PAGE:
To start, I recommend an interesting article, "Ethics and software development," by Gary F. Pollice, a professor in the computer science department at Worcester Polytechnic Institute. (WPI offers a course, "Social Implications of Information Processing," which is mandatory for computer science undergraduates.) In his article, Pollice addresses privacy, encryption, trust, intellectual property, freedom of speech, and ethics in practice.
Programmers have an ethical responsibility to say "no" when they think their code will go into an unethical application. Granted, refusal to participate in a project could seriously damage a career and cause economic hardship, but we have an obligation to do no harm.
To me, using facial recognition software to link my presence in a store with my credit card purchases, and then display "target" advertisements, invades my privacy because it occurs in public, and the system owner has not asked permission to do so. If you plan to work on this type of project, I hope you will reconsider. We should be free from unauthorized tracking, monitoring, and intrusion.
Companies will always gather information about us, but it's the software that determines what someone does with that information. Again, software -- and programmers -- must do no harm.
Click here to read the Association of Computing Machinery "Code of Ethics."
Frankly, I don't really mind showing a photo ID to small, local businesses, but few ask. Mostly they want to examine a credit card and key in the last four digits on it. Small businesses can have a difficult time with fraudulent purchases, so I sympathize. Years ago I was in their shoes.
Ann, if you have a Staples or Macy's credit card you might have to show a photo ID. But Mastercard and VISA have agreements with merchants that govern requests for a photo ID.
The latest info I have for VISA: "Although Visa rules do not preclude merchants from asking for cardholder ID, merchants cannot make an ID a condition of acceptance. Therefore, merchants cannot refuse to complete a purchase transaction because a cardholder refuses to provide ID. Visa believes merchants should not ask for ID as part of their regular card acceptance procedures. Laws in several states also make it illegal for merchants to write a cardholder's personal information, such as an address or phone number, on a sales receipt."
I believe Mastercard specifically prohibits merchants from asking for a photo ID.
"The process of gathering information about you and then using it for a purpose unknown to you raises ethical issues for the people who create such systems. Thus, programmers and software designers must revisit the ethics of their profession and consider them carefully" . I think this summarises it well
Good advice on notifying the credit card company when you travel, Jon. A few years ago I received a call from a Discover rep who asked whether I had been in Mexico over the past three days. I said, "No." The rep told me my card had been maxed out in electronics stores in Mexico. Discover removed the charges and sent me a card with a new number.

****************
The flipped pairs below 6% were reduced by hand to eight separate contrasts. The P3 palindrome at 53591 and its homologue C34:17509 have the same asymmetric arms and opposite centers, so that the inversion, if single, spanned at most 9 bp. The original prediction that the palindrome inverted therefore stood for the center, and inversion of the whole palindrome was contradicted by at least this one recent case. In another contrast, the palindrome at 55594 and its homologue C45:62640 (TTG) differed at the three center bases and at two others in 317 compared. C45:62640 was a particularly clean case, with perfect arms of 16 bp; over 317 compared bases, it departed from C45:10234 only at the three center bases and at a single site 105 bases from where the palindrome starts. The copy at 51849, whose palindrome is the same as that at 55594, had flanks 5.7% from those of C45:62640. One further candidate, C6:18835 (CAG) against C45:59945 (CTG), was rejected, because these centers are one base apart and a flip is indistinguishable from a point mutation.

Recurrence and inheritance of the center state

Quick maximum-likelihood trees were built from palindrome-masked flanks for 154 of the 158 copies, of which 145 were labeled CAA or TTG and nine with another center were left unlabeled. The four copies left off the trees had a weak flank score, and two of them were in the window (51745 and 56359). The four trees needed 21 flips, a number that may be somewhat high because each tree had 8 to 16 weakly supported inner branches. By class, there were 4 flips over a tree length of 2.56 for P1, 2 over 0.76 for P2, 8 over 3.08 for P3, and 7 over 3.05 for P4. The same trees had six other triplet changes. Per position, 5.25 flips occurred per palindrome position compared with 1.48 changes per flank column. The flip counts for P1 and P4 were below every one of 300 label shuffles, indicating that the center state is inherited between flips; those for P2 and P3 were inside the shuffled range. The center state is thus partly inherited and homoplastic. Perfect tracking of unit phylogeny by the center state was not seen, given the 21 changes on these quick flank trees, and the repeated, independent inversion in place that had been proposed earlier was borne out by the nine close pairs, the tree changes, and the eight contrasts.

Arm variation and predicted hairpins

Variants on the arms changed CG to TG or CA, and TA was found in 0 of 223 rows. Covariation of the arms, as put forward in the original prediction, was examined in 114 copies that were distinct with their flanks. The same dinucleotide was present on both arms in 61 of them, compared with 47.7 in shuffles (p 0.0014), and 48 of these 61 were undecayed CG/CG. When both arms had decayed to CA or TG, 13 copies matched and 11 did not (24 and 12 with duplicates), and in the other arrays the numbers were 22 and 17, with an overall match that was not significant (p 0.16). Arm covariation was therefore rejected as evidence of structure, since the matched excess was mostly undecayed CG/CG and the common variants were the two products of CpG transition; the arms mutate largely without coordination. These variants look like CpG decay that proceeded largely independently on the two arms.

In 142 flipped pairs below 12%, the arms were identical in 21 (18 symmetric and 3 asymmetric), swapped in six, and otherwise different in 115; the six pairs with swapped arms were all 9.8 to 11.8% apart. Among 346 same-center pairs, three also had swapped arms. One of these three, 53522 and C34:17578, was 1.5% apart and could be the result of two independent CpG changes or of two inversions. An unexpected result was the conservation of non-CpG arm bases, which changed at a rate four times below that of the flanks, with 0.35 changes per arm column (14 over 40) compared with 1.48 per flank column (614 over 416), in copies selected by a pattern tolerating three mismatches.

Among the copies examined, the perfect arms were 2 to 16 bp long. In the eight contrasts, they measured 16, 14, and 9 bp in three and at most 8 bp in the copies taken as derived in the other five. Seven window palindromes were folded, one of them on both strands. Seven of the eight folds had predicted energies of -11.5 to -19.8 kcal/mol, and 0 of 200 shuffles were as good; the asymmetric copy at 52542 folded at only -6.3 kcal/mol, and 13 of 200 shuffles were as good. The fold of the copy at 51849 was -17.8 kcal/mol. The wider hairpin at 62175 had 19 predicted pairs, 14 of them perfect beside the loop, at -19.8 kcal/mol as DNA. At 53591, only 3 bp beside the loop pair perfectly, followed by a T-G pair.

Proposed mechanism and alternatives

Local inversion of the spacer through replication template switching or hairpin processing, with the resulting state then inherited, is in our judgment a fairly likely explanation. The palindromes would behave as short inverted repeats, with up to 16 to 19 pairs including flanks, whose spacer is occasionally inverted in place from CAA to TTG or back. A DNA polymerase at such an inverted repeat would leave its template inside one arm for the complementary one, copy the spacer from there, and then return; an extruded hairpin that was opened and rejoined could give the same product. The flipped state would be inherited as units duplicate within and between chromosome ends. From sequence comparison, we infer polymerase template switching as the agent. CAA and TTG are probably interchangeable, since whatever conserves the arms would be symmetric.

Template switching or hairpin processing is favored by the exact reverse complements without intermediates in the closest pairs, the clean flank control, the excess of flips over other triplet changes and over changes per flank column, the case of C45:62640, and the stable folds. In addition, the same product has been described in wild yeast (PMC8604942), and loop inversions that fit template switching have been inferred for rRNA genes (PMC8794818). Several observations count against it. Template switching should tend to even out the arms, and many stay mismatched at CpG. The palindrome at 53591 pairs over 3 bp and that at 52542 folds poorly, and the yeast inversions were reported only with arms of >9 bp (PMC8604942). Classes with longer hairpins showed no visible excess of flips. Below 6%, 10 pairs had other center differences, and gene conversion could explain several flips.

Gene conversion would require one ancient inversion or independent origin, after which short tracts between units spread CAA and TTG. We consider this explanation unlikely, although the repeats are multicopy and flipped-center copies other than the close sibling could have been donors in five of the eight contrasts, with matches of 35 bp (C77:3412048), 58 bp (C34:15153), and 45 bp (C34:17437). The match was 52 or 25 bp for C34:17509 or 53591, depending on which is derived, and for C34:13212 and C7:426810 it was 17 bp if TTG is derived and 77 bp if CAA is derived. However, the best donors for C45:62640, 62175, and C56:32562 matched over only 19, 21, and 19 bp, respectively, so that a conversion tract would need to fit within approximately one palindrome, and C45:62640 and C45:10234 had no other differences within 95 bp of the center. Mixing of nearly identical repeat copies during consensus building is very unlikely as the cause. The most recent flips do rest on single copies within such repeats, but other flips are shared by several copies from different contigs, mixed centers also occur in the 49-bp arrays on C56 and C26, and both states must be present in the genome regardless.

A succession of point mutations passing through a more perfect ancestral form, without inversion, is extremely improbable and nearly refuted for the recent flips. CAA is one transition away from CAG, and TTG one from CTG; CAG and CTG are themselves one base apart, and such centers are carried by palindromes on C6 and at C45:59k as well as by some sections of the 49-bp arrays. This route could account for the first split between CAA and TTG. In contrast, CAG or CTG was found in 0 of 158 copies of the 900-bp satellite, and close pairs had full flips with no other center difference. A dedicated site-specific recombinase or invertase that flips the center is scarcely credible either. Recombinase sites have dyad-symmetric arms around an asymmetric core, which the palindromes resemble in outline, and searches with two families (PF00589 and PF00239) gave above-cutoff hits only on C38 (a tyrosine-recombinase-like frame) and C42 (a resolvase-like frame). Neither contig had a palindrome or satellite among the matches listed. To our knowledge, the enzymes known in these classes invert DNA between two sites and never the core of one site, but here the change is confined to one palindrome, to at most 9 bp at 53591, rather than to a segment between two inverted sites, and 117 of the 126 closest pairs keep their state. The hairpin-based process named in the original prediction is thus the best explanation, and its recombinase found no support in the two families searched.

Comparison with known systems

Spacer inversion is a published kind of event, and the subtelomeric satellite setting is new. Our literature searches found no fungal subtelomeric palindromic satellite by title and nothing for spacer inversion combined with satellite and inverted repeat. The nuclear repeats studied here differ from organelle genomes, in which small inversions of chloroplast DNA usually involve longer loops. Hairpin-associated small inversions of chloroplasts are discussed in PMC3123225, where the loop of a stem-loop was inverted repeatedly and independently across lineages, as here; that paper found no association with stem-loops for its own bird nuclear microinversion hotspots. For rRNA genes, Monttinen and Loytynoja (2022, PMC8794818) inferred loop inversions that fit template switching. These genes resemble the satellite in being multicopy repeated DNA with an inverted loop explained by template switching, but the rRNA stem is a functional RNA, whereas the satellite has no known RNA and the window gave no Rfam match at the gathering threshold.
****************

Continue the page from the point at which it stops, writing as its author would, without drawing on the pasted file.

Jim, the GOOD NEWS is one of the things that we can give away, knowing that we still have ours. Other information is really not other peoples business, although they certainly do try to pry. I can pay cash at most grocery stores and not present any card and not much information is available then. When they ask for a phone number, rattling off the one for the local hospital is always good. But as the recent "world News" scandal shows us, a few organizations do not posess any moral standards at any level. And we all areb aware that some will do anything for money.
The only way that a law could prevent snooping would be to remove all potential profit from it, which would require fines many orders of magnitude greater than those at present. Unfortunately our government is unable to have the courage to pass such laws. So we are sort of "out of luck" for the present.
You are right to speak boldly, but also right to be cautious.While sharing the Good News is the greatcommission, [ ,,,to the ends of the Earth,,,] its necessary to do so with wisdom and gentle words.Blogs are not the best venue for such, and can get explosive and quickly misunderstood, so it's a tricky task. However, a debate on ethics certainly invited it,,,,so, Kudos to you.
Switched-capacitor filters have a few disadvantages. They exhibit greater sensitivity to noise than their op-amp-based filter siblings, and they have low-amplitude clock-signal artifacts -- clock feedthrough -- on their outputs.
For industrial control applications, or even a simple assembly line, that machine can go almost 24/7 without a break. But what happens when the task is a little more complex? That’s where the “smart” machine would come in. The smart machine is one that has some simple (or complex in some cases) processing capability to be able to adapt to changing conditions. Such machines are suited for a host of applications, including automotive, aerospace, defense, medical, computers and electronics, telecommunications, consumer goods, and so on. This discussion will examine what’s possible with smart machines, and what tradeoffs need to be made to implement such a solution.